After a horribly busy week, especially these past couple of days, I am finally ready to regale the third part of our London Adventure.
As those of you who have been reading know, I had knee surgery just a couple of weeks before we left for London. I applaud the Underground system; I would even go so far as to say that I love it. Once you get the hang of it, there is a line to get you anywhere, and it saves you A LOT of walking. However, that being said, I was still running head first towards a brick wall when it came to knee. Day Four of the trip is where this happened.
Today was going to be Green Lantern’s and my big museum day. Our first stop: The Natural History Museum of London. However, because we set the alarm on my phone, which was set to home time, we got up and rolling and ready and arrived at the Natural History Museum an hour before it actually open…. oops. I convinced Green Lantern to walk with me a little ways down the street so I could see Royal Albert Hall.
Royal Albert Hall is a famous Music and Concert Venue which was built by Queen Victoria after the death of her Husband Prince Albert. Plans for it were initially started by Albert himself, however when he suddenly died it was the queen who raised the funds that built both the hall and the titan-like monument across the street. Though I was already tired, I was so glad we took that trip. The hall is absolutely beautiful, and the monument, which I didn’t have any prior knowledge of was a sight to be seen. It would have taken a whole hour to really appreciate all of the detail that went into the building of this structure.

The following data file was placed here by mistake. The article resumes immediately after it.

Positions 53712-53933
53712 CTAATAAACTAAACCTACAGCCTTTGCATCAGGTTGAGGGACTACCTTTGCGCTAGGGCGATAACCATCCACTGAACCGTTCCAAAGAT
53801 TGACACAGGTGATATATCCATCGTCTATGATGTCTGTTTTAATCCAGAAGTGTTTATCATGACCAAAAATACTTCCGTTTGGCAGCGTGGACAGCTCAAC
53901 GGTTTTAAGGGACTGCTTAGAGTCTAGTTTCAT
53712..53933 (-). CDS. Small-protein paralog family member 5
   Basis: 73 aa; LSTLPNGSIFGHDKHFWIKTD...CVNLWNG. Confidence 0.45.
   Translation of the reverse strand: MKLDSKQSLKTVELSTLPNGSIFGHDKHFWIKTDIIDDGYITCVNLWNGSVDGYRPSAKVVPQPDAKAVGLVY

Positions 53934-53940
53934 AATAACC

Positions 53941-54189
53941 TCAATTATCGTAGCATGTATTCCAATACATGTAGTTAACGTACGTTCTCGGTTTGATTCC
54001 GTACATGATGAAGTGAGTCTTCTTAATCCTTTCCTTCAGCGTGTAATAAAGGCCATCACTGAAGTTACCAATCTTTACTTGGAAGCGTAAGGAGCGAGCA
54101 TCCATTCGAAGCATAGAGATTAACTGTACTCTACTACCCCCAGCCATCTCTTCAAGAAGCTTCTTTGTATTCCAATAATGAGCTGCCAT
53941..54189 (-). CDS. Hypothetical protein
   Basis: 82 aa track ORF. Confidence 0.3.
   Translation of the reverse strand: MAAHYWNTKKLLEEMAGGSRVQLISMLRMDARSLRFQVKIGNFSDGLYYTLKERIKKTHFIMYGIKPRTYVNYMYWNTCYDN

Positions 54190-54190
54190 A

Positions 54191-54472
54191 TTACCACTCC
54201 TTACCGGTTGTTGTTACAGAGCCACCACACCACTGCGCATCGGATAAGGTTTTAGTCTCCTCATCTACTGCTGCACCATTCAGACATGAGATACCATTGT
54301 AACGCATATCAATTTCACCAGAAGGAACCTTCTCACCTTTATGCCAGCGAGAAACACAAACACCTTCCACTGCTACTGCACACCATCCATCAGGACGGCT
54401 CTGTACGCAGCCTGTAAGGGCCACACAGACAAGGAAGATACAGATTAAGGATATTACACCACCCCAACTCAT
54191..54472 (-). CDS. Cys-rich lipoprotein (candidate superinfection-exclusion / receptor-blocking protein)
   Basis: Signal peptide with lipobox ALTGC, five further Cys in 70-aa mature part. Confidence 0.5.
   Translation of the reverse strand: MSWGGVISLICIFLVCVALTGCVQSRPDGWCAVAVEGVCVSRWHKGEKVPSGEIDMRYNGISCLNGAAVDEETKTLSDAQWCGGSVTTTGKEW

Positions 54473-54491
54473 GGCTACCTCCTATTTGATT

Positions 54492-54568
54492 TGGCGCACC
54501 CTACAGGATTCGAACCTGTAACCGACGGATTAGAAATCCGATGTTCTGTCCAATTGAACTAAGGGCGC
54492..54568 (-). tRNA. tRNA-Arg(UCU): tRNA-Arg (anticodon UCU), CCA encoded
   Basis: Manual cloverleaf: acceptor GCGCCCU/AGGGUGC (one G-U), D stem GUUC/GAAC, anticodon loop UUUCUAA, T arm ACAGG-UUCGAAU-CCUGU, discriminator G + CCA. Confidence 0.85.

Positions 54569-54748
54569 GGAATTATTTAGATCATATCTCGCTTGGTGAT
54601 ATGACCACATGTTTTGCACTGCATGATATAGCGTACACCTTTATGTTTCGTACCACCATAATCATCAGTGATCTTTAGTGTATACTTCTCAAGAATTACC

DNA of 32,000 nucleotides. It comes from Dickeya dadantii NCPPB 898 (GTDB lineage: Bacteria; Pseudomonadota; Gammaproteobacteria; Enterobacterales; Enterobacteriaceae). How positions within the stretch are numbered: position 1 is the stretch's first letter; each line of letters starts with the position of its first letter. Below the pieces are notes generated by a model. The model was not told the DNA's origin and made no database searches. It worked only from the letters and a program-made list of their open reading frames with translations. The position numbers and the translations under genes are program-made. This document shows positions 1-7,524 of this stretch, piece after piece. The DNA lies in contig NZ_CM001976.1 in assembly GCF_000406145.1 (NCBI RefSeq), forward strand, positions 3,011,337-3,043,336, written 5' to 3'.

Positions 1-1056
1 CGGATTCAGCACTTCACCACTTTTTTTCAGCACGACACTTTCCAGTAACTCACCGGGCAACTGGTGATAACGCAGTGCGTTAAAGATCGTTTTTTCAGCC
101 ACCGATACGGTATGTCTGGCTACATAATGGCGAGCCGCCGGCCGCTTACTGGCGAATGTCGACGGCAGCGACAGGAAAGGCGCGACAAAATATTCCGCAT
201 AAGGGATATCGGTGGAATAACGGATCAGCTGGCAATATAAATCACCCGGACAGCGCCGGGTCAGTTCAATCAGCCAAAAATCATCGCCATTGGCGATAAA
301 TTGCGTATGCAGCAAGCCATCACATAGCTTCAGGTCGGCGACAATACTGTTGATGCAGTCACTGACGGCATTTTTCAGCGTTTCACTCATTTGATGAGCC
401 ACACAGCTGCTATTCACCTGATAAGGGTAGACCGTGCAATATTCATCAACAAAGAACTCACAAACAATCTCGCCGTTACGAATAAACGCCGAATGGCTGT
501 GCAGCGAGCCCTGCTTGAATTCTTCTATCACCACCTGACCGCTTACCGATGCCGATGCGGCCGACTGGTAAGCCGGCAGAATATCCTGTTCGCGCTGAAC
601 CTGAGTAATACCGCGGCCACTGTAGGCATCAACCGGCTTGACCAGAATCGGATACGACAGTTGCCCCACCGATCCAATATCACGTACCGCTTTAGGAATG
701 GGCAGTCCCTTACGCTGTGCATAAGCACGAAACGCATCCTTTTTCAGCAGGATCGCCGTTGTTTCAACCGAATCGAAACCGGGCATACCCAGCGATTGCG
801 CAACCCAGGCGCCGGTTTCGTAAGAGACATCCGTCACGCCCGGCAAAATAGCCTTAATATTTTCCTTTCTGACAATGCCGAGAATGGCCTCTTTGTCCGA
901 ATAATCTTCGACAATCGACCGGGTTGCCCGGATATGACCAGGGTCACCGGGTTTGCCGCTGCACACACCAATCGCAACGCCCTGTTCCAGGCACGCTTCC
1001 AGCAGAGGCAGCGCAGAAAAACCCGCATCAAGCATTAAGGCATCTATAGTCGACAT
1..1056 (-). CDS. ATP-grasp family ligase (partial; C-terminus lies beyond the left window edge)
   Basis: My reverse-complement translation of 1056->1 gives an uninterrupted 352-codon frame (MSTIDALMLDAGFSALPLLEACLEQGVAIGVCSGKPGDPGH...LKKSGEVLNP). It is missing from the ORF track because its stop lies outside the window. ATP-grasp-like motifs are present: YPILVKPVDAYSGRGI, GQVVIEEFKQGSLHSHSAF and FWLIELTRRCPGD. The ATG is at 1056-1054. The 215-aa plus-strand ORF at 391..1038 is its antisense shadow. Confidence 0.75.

We hiked back to the Natural History Museum and got back just in time to wander in. The massive building reads almost like an enormous church until you get inside. The contents can boggle your mind almost as soon as you enter the building. We walked through halls of animals from mammals and marsupials to rodents and reptiles. A highlight for me was the Oceans room, which encased a full size replica of a blue whale, the largest animal on earth. It also held a narwhal tusk which I found particularly interesting, as well as a number of fish and other ocean mammals.
However, the real reason we wanted to spend time at the Natural History Museum was all for Green Lantern. They have on display one of the largest collection of real Dinosaur bones, as well as an interactive exhibit, and even an animatronics T-Rex that is programmed to act like the people it sees are prey (basically meaning it moves around and roars at you Jurassic Park style). It was easily the most popular attraction in the museum, and we had to cut through a lot of people to look at the exhibits. However, it was both educational and fun in an environment that made you feel like you were wandering at dusk through a prehistoric era jungle.
We took in lunch in a little Italian cafe on Baker Street, which is home to both the Sherlock Holmes Museum and Madame Tussaud’s, a famous and extensive wax museum chain. However, by the time we got finished eating, we were in the middle of that rainy cold weather that London is famous for. We took a jaunt down the street and took pictures outside of the Sherlock Holmes Museum, and walked down to Madame Tussaud’s. There we discovered the longest line of our trip: a 3 HOUR WAIT just to get TICKETS! Then you have to wait in line to get in? We opted out of that and moved on to the next major landmark on our list: The British Museum.